Jan 5, 2019

PG&E considers bankruptcy filing over potential wildfire liability

PG&E workers repair power lines destroyed by the Camp fire in November. Photo: Justin Sullivan/Getty Images

In an effort to shield itself from billions of dollars in potential liability costs for its role in California's deadly wildfires, utility company PG&E is considering filing for bankruptcy protection for parts or all of its business, Reuters reports.

Background: The company's equipment was linked to 17 wildfires in 2017, and PG&E has been in crisis mode since it disclosed an outage minutes before last year's Camp fire began. PG&E said on Friday that it's shaking up its board of directors and is reportedly looking to sell its natural gas division to raise cash, according to NPR. With Friday's losses, PG&E's share price has dropped 60% since the Camp fire broke out. A spokesperson told Axios that PG&E "does not comment on market rumor or speculation."

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Coronavirus cases rise, as more Americans on cruise confirmed ill

Data: The Center for Systems Science and Engineering at Johns Hopkins, the CDC, and China's NHC; Note: China refers to mainland China and the Diamond Princess is the cruise ship offshore Yokohama, Japan. Map: Danielle Alberti/Axios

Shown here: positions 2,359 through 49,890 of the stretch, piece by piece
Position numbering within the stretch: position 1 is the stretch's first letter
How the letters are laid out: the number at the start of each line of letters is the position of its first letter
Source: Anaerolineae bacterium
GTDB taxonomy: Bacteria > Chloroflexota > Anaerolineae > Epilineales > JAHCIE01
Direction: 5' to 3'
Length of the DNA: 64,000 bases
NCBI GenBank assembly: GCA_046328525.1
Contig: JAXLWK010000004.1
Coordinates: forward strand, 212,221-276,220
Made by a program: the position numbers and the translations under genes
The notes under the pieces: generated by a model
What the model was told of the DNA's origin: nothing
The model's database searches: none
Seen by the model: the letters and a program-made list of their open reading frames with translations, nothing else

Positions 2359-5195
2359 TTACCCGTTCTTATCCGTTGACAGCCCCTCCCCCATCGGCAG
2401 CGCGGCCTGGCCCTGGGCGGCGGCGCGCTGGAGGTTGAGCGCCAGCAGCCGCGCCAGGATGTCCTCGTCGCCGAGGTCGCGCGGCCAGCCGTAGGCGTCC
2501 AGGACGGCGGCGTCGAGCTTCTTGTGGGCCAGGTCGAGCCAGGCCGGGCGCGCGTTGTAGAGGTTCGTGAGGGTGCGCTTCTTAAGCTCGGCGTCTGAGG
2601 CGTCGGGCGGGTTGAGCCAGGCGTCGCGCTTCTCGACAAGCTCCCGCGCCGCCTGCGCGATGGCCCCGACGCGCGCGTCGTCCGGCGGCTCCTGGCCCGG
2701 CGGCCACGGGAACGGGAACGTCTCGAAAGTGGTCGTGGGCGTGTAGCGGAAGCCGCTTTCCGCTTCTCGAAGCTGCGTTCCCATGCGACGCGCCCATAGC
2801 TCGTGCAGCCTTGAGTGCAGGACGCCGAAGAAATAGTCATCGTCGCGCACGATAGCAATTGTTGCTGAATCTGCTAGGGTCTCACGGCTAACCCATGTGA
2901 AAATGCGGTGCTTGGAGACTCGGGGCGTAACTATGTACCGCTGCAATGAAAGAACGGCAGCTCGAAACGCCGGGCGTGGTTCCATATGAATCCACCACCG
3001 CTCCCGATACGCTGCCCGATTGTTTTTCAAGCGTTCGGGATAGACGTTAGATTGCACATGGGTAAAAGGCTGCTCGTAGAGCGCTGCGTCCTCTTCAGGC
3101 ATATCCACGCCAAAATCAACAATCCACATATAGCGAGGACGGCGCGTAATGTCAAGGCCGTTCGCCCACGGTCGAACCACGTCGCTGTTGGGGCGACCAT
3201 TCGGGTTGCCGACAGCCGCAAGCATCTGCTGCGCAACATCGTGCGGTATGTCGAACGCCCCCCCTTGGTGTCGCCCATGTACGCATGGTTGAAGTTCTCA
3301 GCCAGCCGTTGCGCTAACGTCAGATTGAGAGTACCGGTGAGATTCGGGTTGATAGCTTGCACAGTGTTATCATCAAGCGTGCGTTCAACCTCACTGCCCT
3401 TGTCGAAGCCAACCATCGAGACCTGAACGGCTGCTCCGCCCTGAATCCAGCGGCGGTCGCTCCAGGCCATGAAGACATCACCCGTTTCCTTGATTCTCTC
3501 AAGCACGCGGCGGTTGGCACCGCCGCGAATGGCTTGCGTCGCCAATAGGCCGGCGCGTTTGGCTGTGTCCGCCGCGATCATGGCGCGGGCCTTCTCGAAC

A U.S. public health official confirms more than 40 Americans on the Diamond Princess cruise ship off Japan have coronavirus, while the remaining U.S. citizens without symptoms are being evacuated.

The big picture: COVID-19 has now killed at least 1,770 people and infected almost 70,000 others. Most cases and all but five of the deaths have occurred in mainland China. Taiwan confirmed its first death on Sunday, per multiple reports, in a 61-year-old man with underlying health conditions. Health officials were investigating how he became ill.

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Scoop: Inside the Trump campaign's big hedge on Facebook

Illustration: Eniola Odetunde/Axios

The Trump campaign has invested most of its advertising budget to date on Facebook, testing thousands of versions of ads per day to maximize its spending.

But behind the scenes, a source familiar with the campaign tells Axios, the thinking has shifted: "As everyone can see, we still have strong spending on Facebook, but the percentage of our total media budget [on Facebook] is shrinking."

Trump's revenge tour has the House in its sights

Illustration: Aïda Amer/Axios. Photo: Saul Loeb/Getty Contributor

In the lead-up to the 2018 midterm elections — buoyed by Republican control of both chambers — President Trump viewed campaigning for the House as a lower-tier priority and instead poured his energy into rallying for the Senate.

But after the GOP reckoning in 2018, and experiencing firsthand how damaging a Democratic-led House has been to him, Trump is now personally invested in helping Republicans regain the majority in November, several people familiar with his thinking tell Axios.